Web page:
______________________________________Eye rodsRecipe for the composition used for each eye rod:______________________________________Alpha 2-interferon  5         mcgPolyvinylpyrrolidone               25        mcgCitric acid x H2 O               2.5       mcgH2 O/Ethanol (70% v/v) ad               10        mcl______________________________________

Preparation of the solution and treatment of the eye rods were carried out as described in Example 1.

EXAMPLE 13

______________________________________Eye rodsRecipe for the composition used for each eye rod:______________________________________Alpha-2-interferon    8        mcgHydroxypropylmethylcellulose                 10       mcg0.001 N hydrochloric acid/ethanol                 10       mcl(50%, v/v) ad______________________________________

Preparation of the solution and treatment of the eye rods were carried out as described in Example 1.

EXAMPLE 14

______________________________________Eye rodsRecipe for the composition used for each eye rod:______________________________________Alpha-2-interferon   10        mcgPolyvinyl alcohol    50        mcg0.01 N hydrochloric acid/ethanol                10        mcl(70%, v/v) ad______________________________________

Preparation of the solution and treatment of the eye rods were carried out as described in Example 1.

Patent Citations
Cited PatentFiling datePublication dateApplicantTitle
US3932617 *May 24, 1974Jan 13, 1976The Upjohn CompanyInterferon induction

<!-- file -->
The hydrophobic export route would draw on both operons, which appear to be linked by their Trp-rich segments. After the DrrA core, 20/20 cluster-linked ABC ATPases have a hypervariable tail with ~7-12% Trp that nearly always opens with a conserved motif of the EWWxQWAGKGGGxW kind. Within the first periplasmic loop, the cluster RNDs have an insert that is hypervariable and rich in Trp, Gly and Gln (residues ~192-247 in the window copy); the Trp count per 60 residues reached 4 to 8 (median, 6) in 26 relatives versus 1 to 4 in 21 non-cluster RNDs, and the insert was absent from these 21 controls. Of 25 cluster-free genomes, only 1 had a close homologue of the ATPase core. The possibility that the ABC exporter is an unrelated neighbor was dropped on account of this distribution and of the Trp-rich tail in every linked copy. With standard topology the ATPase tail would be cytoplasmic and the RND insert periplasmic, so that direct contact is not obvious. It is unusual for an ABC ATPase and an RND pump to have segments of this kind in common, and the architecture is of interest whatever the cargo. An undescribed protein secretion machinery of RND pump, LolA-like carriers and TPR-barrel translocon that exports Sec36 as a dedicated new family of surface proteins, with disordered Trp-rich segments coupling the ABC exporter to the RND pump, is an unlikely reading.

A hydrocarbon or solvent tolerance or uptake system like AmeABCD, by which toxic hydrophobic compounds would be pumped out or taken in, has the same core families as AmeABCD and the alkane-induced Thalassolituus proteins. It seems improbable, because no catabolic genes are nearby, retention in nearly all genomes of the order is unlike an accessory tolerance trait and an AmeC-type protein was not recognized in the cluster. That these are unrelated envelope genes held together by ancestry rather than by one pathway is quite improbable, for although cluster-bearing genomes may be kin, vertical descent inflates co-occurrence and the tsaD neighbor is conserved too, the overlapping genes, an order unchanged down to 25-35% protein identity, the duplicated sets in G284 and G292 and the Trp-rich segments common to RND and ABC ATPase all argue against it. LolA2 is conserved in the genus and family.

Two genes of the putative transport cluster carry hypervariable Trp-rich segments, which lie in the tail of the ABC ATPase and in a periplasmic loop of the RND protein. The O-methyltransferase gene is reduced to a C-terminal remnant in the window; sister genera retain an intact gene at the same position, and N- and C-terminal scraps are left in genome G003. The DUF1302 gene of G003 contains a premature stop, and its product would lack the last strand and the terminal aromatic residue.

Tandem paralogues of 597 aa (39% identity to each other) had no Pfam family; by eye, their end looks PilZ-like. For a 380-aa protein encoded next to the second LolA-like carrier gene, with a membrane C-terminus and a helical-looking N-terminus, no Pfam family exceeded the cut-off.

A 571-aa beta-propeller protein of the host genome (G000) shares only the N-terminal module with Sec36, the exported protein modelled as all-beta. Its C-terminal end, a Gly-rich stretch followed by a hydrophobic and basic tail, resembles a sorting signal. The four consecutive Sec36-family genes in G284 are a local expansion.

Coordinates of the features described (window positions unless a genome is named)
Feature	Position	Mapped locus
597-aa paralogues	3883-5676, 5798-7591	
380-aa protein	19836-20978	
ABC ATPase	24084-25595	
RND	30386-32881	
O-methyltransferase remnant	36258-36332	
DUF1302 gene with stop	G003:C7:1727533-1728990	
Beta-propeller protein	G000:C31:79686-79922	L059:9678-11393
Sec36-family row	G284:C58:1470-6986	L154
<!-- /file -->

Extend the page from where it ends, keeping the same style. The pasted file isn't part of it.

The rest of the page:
US4357142 *Jul 18, 1980Nov 2, 1982Akzona IncorporatedGlass support coated with synthetic polymer for bioprocess
US4363634 *Jul 18, 1980Dec 14, 1982Akzona IncorporatedGlass support coated with synthetic polymer for bioprocess
US4414147 *Apr 17, 1981Nov 8, 1983Massachusetts Institute Of TechnologyMethods of decreasing the hydrophobicity of fibroblast and other interferons
US4465622 *Jun 7, 1982Aug 14, 1984Mochida Pharmaceutical Co., Ltd.Method for purifying interferon
US4659584 *Apr 11, 1986Apr 21, 1987Dr. Karl Thomae GmbhEye rod, process and apparatus for loading the same with solutions or suspensions of active substance
US4680175 *Feb 7, 1984Jul 14, 1987Interferon Sciences, Inc.Interferon administration vehicles
DE2441191A1 *Aug 28, 1974Mar 6, 1975Alfa Oegonvard AbMedizinische auftragsvorrichtung oder applikationsvorrichtung
Referenced by
Citing PatentFiling datePublication dateApplicantTitle
US5093116 *Jun 2, 1989Mar 3, 1992Boehringer Ingelheim Int. GmbhMethod of treating viral infection utilizing inteferon α and pipyridamole
US5151265 *Apr 25, 1990Sep 29, 1992Genentech, Inc.Gamma interferon formulation
US5358708 *Jan 29, 1993Oct 25, 1994Schering CorporationStabilization of protein formulations
US8580264Nov 7, 2011Nov 12, 2013Genentech, Inc.Subcutaneously administered anti-IL-6 receptor antibody
US8814946Jul 17, 2009Aug 26, 2014Active Implants CorporationCushion bearing implants for load bearing applications
US20030206945 *Apr 18, 2003Nov 6, 2003Giulio TarroSticking plaster for controlled release of natural interferon
US20050163752 *Feb 24, 2005Jul 28, 2005Mccaman MichaelHuman interferon-beta formulations
WO2014184243A1 *May 14, 2014Nov 20, 2014Universiteit AntwerpenThermolabile drug release formulation
Classifications
U.S. Classification424/427, 427/2.14, 424/85.7, 424/422
International ClassificationA61K9/70, A61K38/21, A61K9/00, A61K47/32, A61K47/10, A61K47/38
Cooperative ClassificationA61K47/10, A61K9/70, A61K47/38, A61K38/212, A61K47/32, A61K9/0048
European ClassificationA61K47/38, A61K9/00M16, A61K47/32, A61K38/21A, A61K47/10, A61K9/70
Legal Events
DateCodeEventDescription
Feb 2, 1989ASAssignment
Owner name: DR. KARL THOMAE GMBH, A CORP. OF FED. REP. OF GERM
Free format text: ASSIGNMENT OF ASSIGNORS INTEREST.;ASSIGNORS:BECKER, ROBERT;KRUSS, BERND;SCHILK, LEONHARD;REEL/FRAME:005014/0528
Effective date: 19870710
Oct 9, 1992FPAYFee payment
Year of fee payment: 4
Dec 3, 1996REMIMaintenance fee reminder mailed
Apr 27, 1997LAPSLapse for failure to pay maintenance fees
Jul 8, 1997FPExpired due to failure to pay maintenance fee
Effective date: 19970430